EFNEP programs report annual impacts, including anecdotal evidence of participants’ improvements in self-esteem, moral direction, and sense of community belonging as a result of EFNEP participation.13 Earlier work from this multistate research group found that EFNEP graduates and educators reported an increase in positive views about themselves, e.g., self-acceptance and self-esteem, as well as an improved sense of hope and belonging.14,15 Determining whether EFNEP participation provides a broader benefit of improved QoL is needed for greater knowledge of the program’s impact. Currently available QoL tools either assess QoL in the context of chronic diseases/disabilities or in terms of overarching constructs (religion, marriage, etc.) that are not applicable to EFNEP. Based on pilot studies noted above, NC3169 developed an EFNEP-specific QoL tool and began validating this questionnaire to provide a means to quantify EFNEP benefits beyond the knowledge and skills taught in EFNEP lessons. If EFNEP participation results in a perception of improved QoL, program evaluation could expand the understanding of EFNEP’s benefits, e.g., improved QoL may predict sustained healthy behavior changes and, ultimately, improved health status. 


24-Hour Recall:

The 24-hour dietary recall (24HDR) is generally considered to be the gold standard for dietary assessment.16 In EFNEP, paraprofessionals are trained to conduct 24HDR with groups of participants. However, this participant-recorded group-administered procedure for collecting 24HDR has never been validated.17 Recent research has questioned the quality of the data obtained due to inconsistency in the protocols used to collect the 24HDR and variation in the training given to personnel.18 Valid and reliable information about dietary intake is essential to determine program efficacy. Therefore, it is imperative to continue researching methodologies to improve dietary data collection.

As a step toward improved standardization of 24HDR procedures, a crosswalk review of the data collection instruments, and data collection protocols currently utilized will be investigated. A common data collection instrument and protocol will be recommended for implementation of the pen-and-paper 24HDR and the online Automated Self-Administered 24-Hour (ASA24) data collection procedure, which is being piloted by a select number of EFNEPs. Lastly, efforts will begin to validate the 24HDR instruments and data collection protocols.


Youth Evaluation:

Pre-post questionnaires have been utilized with middle and high school-aged EFNEP participants to assess EFNEP’s behavioral impacts with these populations. Historically, these questionnaires have been developed by national committees of EFNEP stakeholders with expertise in youth and adolescent programming. However, time and resource constraints had prevented rigorous validity and reliability testing of these questionnaires.

From 2018-2022, a separate workgroup developed and tested a revised questionnaire for EFNEP participants in grades 6-12.19 The questionnaire’s development and testing followed a 5-step process utilized by a prior iteration of this multistate group (NC2169) to develop and test the Food and Physical Activity Behavior Questionnaire (FPABQ).20 Despite promising results from that workgroup’s initial work, more testing is needed to further establish the validity and reliability of the EFNEP 6th-12th Grade Questionnaire, namely: test-retest reliability, confirmatory factor analysis, and criterion validity assessments using “gold standards” of dietary and physical activity assessment, e.g., diet recalls and accelerometry.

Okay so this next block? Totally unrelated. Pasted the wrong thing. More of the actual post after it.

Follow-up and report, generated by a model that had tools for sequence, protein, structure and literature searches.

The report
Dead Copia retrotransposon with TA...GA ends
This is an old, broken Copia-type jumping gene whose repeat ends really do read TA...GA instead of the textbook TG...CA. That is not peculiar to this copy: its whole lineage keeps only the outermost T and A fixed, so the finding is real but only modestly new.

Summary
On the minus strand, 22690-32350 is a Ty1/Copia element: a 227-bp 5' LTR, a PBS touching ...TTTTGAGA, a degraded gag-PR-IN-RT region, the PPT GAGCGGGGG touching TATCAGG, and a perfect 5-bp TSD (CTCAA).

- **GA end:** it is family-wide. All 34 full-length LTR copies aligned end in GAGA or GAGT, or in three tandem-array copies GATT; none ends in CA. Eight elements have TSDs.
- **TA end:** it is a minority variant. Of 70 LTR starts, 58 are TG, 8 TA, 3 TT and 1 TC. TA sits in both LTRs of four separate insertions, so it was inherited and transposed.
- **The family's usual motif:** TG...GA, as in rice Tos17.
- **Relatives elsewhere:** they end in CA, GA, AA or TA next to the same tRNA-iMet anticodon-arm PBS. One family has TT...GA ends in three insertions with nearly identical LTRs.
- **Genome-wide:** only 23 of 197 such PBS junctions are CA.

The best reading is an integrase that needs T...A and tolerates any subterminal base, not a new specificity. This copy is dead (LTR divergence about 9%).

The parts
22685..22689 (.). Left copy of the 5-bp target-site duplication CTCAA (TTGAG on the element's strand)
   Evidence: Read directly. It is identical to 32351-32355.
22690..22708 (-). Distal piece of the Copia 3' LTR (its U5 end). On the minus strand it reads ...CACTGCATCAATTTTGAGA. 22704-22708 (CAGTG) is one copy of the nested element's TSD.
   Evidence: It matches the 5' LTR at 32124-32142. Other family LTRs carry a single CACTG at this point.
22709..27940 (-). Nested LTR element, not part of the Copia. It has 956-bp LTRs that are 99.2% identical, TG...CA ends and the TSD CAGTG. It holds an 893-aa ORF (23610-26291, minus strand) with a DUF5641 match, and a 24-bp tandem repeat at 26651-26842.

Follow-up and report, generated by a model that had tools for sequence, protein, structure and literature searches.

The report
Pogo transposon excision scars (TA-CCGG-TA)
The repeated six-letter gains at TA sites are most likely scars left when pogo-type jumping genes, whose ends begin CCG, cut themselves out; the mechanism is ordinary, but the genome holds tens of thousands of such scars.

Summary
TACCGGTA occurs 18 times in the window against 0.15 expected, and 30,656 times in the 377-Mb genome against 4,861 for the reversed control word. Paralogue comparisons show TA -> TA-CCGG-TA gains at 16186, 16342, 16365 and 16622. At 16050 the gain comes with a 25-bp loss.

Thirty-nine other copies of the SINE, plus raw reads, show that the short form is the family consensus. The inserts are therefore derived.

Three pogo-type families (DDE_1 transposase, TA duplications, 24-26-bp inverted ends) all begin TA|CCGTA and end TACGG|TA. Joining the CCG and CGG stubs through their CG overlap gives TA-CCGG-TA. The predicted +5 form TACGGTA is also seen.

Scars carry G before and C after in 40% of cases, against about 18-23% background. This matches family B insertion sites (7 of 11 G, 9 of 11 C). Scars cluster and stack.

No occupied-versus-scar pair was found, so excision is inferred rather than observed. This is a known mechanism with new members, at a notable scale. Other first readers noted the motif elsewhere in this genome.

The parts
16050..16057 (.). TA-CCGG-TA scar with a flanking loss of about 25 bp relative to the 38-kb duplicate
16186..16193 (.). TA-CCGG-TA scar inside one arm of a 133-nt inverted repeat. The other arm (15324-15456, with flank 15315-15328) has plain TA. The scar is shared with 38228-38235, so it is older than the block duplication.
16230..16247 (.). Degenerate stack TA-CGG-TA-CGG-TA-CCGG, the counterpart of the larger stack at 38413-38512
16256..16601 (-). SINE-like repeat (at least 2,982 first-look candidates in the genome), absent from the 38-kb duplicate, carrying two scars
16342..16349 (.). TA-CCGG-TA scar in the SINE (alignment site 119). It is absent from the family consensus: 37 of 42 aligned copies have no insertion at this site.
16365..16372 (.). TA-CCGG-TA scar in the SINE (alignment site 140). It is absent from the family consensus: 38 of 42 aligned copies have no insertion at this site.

A multistate effort will allow for the recruitment of a diverse sample of low-income, middle and high school students from various geographic regions, improving the generalizability of our results. Moreover, this multistate group’s specific expertise with developing rigorously tested behavioral questionnaires for low-income populations (i.e., the FPABQ) will be helpful as we continue to further develop and test this tool. The final output for this project will be the most rigorously tested questionnaire developed for EFNEP middle and high schoolers, with sufficiently established validity and reliability. This will allow EFNEP implementers to assess the impacts of their adolescent educational efforts.


Spanish Adult Questionnaire Translation:

The FPABQ, which comprises 25 of the 30 items on the EFNEP Adult Questionnaire, has only been tested with English-speaking EFNEP-eligible populations. This is of concern because 40% of EFNEP graduates identified themselves as Hispanic (2016), many of whom are immigrants from Spanish-speaking countries. This proportion is in line with current trends in the national Hispanic population growth, which grew by 23% in the past decade, outpacing the nation’s overall population growth of 7%. According to the 2020 Census Survey, 29.5% and 41.4% of household income for Hispanics (any race) fall below 150% and 200% of the federal poverty level (FPL), respectively, giving some indication of Hispanic individuals who qualify for EFNEP (which requires an income <185% of the FPL). In contrast, only 14.1% and 20.9% of non-Hispanic Whites fall below 150% and 200% of the FPL, respectively. More than 20 states and 1 territory offer EFNEP classes in Spanish, which need to be evaluated with language-appropriate tools. Also, 39% of those who speak Spanish at home have limited ability to speak English, further emphasizing the importance of offering EFNEP programming and evaluation in Spanish. Reliability and validity testing of a standardized Spanish translation of the FPABQ is necessary to ensure the tool is equally effective with Spanish-speaking populations.